One of the biggest questions people have when starting out creating art is what materials should I buy and how much should I spend on them?
Art materials come in a wide range of quality and price. You definitely get what you pay for with art supplies. This goes for everything from paints, to brushes, pastels, and markers. Paints that are labeled student grade have less pigments and more of the binders or fillers in them making them less expensive. What this means is that the paint colors will not be as vibrant, they will be more difficult to mix and they may have issues over time with peeling, flaking when dry and going bad in the tube. But, student grade paints have come a long way in quality. They are not bad paints by any means but the professional grade paints are simply even better! This is true for all art supplies.
Start out with the student grade and as you use up a tube buy that color in the professional grade. This way you won't feel that pressure of spending and not wanting to waste it.
And please never feel like you are wasting paint or any of your materials when you create.
Every painting or creation is part of your learning process. None of us have created a masterpiece the first time out! It's all the stuff we create in between and before and after that make us better at what we do. Getting to know and using your materials is part of the process of creating.
What is the difference between fluid, soft body and hard body paints?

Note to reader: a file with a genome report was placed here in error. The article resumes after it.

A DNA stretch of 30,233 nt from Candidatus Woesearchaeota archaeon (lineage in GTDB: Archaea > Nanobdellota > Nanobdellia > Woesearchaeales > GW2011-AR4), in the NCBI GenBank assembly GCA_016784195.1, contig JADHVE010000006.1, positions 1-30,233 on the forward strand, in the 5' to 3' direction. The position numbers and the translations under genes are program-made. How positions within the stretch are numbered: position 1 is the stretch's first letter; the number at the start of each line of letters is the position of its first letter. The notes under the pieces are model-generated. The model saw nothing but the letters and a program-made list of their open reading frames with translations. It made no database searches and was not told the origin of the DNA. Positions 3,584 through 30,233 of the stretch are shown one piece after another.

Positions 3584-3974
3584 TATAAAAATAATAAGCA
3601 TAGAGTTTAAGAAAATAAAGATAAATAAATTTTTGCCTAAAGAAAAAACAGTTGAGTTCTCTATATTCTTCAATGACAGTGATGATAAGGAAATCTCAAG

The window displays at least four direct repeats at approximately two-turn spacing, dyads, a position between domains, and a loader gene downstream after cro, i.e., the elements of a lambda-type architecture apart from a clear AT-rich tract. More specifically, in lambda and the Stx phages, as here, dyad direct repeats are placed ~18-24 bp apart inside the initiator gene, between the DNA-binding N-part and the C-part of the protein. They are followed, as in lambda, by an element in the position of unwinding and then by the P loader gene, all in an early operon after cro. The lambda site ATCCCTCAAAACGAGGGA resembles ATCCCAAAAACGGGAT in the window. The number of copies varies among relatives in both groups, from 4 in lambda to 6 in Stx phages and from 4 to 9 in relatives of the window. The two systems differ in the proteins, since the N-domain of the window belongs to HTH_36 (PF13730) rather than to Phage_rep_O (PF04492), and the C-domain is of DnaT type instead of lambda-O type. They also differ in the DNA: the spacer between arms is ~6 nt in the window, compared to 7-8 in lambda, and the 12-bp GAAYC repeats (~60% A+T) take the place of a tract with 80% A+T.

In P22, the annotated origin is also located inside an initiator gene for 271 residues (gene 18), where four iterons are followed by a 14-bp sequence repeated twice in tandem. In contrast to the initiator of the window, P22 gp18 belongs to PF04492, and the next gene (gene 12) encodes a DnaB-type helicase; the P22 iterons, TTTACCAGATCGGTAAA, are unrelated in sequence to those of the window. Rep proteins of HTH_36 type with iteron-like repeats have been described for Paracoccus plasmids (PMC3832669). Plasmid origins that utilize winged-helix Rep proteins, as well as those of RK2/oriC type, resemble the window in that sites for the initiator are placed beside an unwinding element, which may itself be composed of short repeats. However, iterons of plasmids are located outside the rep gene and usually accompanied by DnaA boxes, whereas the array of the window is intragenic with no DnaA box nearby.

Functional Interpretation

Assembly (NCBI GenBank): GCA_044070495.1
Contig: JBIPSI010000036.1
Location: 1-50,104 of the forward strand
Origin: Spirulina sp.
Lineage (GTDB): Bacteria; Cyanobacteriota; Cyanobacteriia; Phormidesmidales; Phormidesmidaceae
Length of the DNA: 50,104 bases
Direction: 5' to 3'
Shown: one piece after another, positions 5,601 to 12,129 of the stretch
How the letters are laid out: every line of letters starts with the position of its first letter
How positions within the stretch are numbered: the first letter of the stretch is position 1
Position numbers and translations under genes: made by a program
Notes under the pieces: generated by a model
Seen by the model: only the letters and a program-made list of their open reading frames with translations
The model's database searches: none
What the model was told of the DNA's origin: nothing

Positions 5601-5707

These labels simply describe the viscosity of the paint. Fluid will be able to flow easier, soft body is similar to fluid and hard body is still soft but not as fluid as the others.
You do not have to buy the most expensive brushes either. Buy a set with a variety of sizes and shapes, flats and rounds, that is made for the paints you are working with; watercolors, acrylic or oil. Once again when you feel ready purchase a brush that is a bit more expensive and see how you like it and what the difference is. As you create you'll discover you like certain sizes and shapes.
When purchasing paper the heavier weight the better it will hold up to your medium so buy 140lb at least. As for canvas, the more expensive canvas is usually thicker and better quality, but buy what you feel comfortable with. As you become more confident you may want to invest in the thicker edged gallery wrap canvas, it simply looks more professional. In the beginning buy the packs of less expensive canvas and remember with acrylics you can always paint over it!
In the beginning purchase materials that fit your budget and as you run out or use them up go for the better quality materials. You can purchase art supplies locally at Michael's Arts and Crafts, Hobby Lobby and online at Blick Art Materials, Amazon, Michael's and there are many other art supply online sources.
Surround yourself with a bounty of supplies that makes you feel excited to create.
Happy shopping for supplies and